Armstrong finally admitted that he was, in fact, doping as he won seven Tour de France titles in an interview that will air on Winfrey’s OWN channel Thursday and Friday. While we do not know the full extent of the interview yet, Winfrey did confirm that Armstrong admitted to doping throughout his career.
In the wake of his confession, the disgraced cyclist still has to answer some very serious questions. During Armstrong’s comeback from testicular cancer, he raced as part of the team sponsored by the United States Postal Service, a government entity. From 1999 until 2004, Armstrong was sponsored by the USPS and he went on to win six consecutive Tour de France titles, adding a seventh in 2005 when he was sponsored by Discovery.
Part of Armstrong’s contract with USPS was a strict anti-doping policy, reports CBS News. He was served with a lifetime ban by the United States Anti-Doping Agency in 2012 and stripped of all his titles. Armstrong had maintained his innocence following the ruling but now with the interview with Oprah, it is clear that Armstrong committed criminal fraud.
Armstrong tried to reach an agreement with the federal government, offering $5 million as a way to compensate for the $30 million USPS sponsorship deal and to turn witness for a federal doping investigation, reports CBS News. Both overtures were rebuffed by the government. It is unclear what penalties Armstrong would face if the government decided to pursue a fraud case.
As outlined by the USADA and his teammates, Armstrong was the mastermind behind a very sophisticated doping ring that involved scores of people. Armstrong’s doping went beyond just performance enhancing drugs and included blood doping. Tyler Hamilton, a former teammate, discussed Armstrong’s doping on “60 Minutes Sports,” notes CBS News, saying, “Blood doping, for example, took a lot of money, a lot of details, a posse of sophisticated, you know, know-what-they're-doing kind of people. And Lance had those.”
While a federal case could happen, any discussion of Armstrong’s lifetime ban needs to begin with a confession under oath, not just on TV, reports The Associated Press. Another former teammate, Frankie Andreu, told the AP: “He's the one who knows who did what because he was the ringleader. It's up to him how much he wants to expose.”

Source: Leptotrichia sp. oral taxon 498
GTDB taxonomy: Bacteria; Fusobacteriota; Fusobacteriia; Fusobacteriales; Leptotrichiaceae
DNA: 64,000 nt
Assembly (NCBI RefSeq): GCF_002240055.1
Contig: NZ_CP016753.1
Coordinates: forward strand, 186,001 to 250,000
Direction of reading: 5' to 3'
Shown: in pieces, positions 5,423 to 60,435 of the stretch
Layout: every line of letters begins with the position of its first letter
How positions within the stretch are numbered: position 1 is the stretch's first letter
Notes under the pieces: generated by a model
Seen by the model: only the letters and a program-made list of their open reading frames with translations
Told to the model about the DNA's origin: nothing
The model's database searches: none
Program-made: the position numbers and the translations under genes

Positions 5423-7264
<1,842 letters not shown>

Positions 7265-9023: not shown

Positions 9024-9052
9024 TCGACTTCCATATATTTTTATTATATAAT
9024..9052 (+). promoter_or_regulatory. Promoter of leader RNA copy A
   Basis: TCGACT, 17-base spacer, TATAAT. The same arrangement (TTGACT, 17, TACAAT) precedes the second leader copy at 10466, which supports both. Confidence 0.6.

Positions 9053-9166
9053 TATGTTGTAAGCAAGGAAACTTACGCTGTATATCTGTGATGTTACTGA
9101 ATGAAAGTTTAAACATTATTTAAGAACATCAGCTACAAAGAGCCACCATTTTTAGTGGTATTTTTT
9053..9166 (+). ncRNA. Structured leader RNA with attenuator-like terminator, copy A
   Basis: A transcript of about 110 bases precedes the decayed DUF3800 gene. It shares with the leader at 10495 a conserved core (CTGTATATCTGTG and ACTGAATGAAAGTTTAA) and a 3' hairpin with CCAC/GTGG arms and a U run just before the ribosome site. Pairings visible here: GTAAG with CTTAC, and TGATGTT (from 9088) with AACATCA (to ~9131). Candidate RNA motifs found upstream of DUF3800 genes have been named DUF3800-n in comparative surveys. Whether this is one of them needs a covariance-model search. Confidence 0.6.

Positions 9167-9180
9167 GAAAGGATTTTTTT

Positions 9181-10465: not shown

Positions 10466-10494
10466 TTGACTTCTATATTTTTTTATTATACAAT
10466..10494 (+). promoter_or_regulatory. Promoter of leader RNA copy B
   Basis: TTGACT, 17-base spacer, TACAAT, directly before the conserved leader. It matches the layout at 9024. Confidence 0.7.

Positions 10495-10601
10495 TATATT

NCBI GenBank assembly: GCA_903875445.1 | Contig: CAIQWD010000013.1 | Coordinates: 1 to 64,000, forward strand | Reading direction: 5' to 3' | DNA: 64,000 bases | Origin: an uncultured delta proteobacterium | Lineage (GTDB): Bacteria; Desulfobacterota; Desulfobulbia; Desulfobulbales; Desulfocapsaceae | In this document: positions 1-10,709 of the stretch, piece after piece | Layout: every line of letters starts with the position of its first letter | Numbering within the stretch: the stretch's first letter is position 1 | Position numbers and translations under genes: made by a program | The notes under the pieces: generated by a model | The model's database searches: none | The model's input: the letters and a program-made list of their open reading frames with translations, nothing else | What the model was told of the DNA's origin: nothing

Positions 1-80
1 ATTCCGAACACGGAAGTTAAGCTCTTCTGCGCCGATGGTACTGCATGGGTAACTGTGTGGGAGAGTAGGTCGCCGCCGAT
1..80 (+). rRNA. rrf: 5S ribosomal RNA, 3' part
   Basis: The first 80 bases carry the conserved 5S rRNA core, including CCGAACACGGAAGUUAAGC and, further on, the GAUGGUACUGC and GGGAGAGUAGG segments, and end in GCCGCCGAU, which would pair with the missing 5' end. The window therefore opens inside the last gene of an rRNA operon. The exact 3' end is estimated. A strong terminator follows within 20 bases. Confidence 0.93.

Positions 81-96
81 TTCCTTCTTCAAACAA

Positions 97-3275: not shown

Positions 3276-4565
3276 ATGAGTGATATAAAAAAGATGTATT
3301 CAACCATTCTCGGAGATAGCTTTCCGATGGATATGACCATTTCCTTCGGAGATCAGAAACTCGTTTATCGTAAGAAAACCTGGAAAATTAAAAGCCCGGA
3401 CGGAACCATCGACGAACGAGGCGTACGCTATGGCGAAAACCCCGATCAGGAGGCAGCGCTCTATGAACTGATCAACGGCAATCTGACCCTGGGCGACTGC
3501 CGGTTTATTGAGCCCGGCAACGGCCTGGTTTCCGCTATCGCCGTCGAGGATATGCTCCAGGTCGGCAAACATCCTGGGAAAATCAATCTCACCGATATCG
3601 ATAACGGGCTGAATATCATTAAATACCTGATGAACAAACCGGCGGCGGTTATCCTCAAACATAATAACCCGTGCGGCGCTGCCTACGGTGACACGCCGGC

Even though Armstrong is willing to discuss possible names with the USADA, the World Anti-Doping Agency first wants a full confession under oath, reports AP. Armstrong could be facing at least three lawsuits stemming from his doping. Floyd Landis, another tainted former Tour de France winner, set up the whistleblower lawsuit that could force Armstrong to return sponsorship money as well as other financial penalties.
The other lawsuits stem from Armstrong’s adamant doping denials. The Sunday Times of London lost a libel suit against Armstrong and is looking to reclaim the $500,000 it had to pay him, reports AP. SCA Promotions, which sponsored Armstrong, could be looking to recoup up to $7.5 million as part of a bonus given him for winning the Tour de France.
South Australia’s government is also looking for Armstrong to return millions of dollars he collected as part of appearance fees for competing in the Tour Down Under in 2009, 2010 and 2011.
Speaking about the Armstrong interview, Oprah told “CBS This Morning,” “We were mesmerized and riveted by some of his answers. I feel that he answered the questions in a way that he was ready." She also describes Armstrong getting emotional during certain parts of the interview.
While Armstrong has already gotten a lifetime ban, been stripped of his Tour de France titles and had to quit his Livestrong Foundation, it is only the beginning of the discussion about cycling and doping. Considering all the people involved, as well as the many people who have been caught doping, expect cycling to be in the news, again thanks to Armstrong, but this time for all the wrong reasons.